The 2013 El Reno tornado had a very similar wind speed measurement (302 mph), although I can't find any error margin data on that one.
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SectorZ

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Re: 3 Feet of Snow & Hurricane Winds
« Reply #5 on: January 22, 2020, 10:45:41 AM »

I've been wondering what the maximum recorded wind speed is outside of a hurricane, tornado, or similar storm. I haven't been able to find the answer online.

150 MPH in a microburst at Andrews Air Field
231 MPH on Mt. Washington

For non-hurricane low-pressure systems, you're looking at about 125 MPH or so as the max possible there.
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kphoger

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Re: 3 Feet of Snow & Hurricane Winds
« Reply #6 on: January 22, 2020, 11:11:09 AM »

I mean, the definition of a "storm" is pretty ambiguous. If you mean to exclude any storm-like weather entirely, i.e. only winds under clear or mostly clear skies, then it's probably only like 50-60 miles per hour, and that's happened in a lot of places. Hell, that happened here several days ago. But it becomes pretty meaningless at that point.

Heck, I've personally been outside on a day that had 70mph wind gusts (50mph sustained).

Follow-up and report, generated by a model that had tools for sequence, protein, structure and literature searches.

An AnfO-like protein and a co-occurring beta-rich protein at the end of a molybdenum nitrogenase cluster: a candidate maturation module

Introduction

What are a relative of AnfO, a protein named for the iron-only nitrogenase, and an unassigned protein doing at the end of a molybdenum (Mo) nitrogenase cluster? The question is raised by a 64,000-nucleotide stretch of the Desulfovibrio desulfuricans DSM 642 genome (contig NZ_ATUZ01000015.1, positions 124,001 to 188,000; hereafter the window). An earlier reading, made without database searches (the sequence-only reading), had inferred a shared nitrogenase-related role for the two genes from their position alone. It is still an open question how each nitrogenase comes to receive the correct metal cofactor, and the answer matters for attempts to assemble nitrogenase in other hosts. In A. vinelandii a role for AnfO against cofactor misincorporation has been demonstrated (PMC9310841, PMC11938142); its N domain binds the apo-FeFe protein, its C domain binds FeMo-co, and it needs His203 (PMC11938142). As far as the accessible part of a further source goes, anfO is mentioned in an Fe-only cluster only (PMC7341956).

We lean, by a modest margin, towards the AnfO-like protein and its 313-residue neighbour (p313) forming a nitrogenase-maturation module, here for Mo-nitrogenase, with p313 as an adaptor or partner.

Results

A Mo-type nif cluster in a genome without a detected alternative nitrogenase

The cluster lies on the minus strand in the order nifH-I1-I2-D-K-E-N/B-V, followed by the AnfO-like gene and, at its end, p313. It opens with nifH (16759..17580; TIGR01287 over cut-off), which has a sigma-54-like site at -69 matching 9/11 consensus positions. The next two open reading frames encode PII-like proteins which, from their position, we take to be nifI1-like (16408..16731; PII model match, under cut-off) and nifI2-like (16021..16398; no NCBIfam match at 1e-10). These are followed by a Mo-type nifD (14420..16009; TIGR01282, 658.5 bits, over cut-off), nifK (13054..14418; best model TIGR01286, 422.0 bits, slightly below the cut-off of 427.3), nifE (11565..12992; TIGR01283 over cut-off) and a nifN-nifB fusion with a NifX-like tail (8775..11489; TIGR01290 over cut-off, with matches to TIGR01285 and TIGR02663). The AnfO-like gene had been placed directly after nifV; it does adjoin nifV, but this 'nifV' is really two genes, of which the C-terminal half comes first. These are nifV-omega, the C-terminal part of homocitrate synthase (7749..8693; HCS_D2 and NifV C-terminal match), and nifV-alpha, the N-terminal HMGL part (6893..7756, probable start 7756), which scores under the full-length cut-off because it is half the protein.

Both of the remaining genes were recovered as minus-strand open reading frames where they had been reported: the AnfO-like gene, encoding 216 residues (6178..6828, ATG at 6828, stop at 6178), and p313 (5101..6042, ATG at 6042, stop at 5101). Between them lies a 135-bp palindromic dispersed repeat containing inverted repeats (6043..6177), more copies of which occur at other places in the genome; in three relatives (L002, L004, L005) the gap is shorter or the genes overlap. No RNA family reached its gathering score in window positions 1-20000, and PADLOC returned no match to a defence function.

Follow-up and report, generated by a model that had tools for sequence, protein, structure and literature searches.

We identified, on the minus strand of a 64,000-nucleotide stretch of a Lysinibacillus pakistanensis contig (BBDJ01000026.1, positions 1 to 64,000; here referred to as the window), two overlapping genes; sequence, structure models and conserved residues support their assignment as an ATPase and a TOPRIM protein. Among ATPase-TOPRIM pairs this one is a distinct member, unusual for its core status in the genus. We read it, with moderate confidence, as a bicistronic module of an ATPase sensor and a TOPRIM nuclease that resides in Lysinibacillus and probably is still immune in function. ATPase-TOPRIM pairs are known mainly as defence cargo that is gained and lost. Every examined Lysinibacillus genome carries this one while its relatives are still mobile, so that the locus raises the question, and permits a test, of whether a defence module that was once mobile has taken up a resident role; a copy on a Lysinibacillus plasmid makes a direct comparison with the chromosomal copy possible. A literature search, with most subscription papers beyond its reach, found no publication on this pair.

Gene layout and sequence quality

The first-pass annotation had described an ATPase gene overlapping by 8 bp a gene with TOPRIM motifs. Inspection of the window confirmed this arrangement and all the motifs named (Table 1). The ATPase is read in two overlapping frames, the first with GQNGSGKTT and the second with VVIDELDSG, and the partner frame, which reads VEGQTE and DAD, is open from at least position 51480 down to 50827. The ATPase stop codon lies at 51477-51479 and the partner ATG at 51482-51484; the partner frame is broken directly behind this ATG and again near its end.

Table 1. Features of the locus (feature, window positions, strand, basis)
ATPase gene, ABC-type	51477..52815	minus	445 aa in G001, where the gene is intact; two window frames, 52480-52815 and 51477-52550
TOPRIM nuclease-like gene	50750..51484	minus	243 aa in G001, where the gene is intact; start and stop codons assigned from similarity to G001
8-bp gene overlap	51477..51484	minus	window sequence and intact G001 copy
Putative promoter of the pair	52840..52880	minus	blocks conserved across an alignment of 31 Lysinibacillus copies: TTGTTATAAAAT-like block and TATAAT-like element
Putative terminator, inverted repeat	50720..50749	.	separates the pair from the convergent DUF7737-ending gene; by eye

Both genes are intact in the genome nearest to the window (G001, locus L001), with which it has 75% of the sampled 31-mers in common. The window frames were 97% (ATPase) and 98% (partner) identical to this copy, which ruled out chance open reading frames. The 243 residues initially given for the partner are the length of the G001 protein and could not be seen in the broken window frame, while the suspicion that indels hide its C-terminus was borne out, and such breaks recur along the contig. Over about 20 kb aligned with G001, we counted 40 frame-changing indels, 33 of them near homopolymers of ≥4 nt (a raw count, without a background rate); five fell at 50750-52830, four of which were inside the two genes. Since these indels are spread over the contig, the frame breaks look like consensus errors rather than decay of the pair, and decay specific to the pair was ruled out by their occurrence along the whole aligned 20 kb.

My grandpa and I were using the charcoal grill, and keeping the coals going was not the easiest thing to do that day.  We had to keep it halfway in the garage and constantly adjust the openings on top and bottom.  When our trash can lid blew down the street, I almost couldn't make it back to the house after fetching it.
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webny99

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Re: 3 Feet of Snow & Hurricane Winds
« Reply #7 on: January 23, 2020, 09:57:43 AM »

I mean, the definition of a "storm" is pretty ambiguous. If you mean to exclude any storm-like weather entirely, i.e. only winds under clear or mostly clear skies, then it's probably only like 50-60 miles per hour, and that's happened in a lot of places. Hell, that happened here several days ago. But it becomes pretty meaningless at that point.

Heck, I've personally been outside on a day that had 70mph wind gusts (50mph sustained).

I was outside - and went for a walk, in fact - on a day in March 2018 when an 81 mph gust was recorded at the Rochester Airport.
(Because why not keep the one-upping going?  :-P)

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kphoger

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Re: 3 Feet of Snow & Hurricane Winds
« Reply #8 on: January 23, 2020, 10:15:30 AM »

I wasn't trying to one-up, just pointing out that non-storm winds above 60 mph are common enough that I've personally experienced it.
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nexus73

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Re: 3 Feet of Snow & Hurricane Winds
« Reply #9 on: January 23, 2020, 04:57:14 PM »

If you want a lot of wind, Cape Blanco on the SW Oregon coast is the place to be.  If Coos Bay is getting hit with 40 MPH winds, figure on Cape Blanco being at 70 MPH. 

Looking at tsunami inundation maps reveals there is enough high ground at Cape Blanco for one to watch the tsunami activity resulting from the Cascadia Subduction Zone quake.  Imagine being there for that when the wind is howling!

One time friends of mine and myself were out at Cape Blanco watching a guy fly a remote controlled plane when the winds were about 50 MPH.  He made the plane fly anyway he wanted even with that much wind.  It was an amazing sight!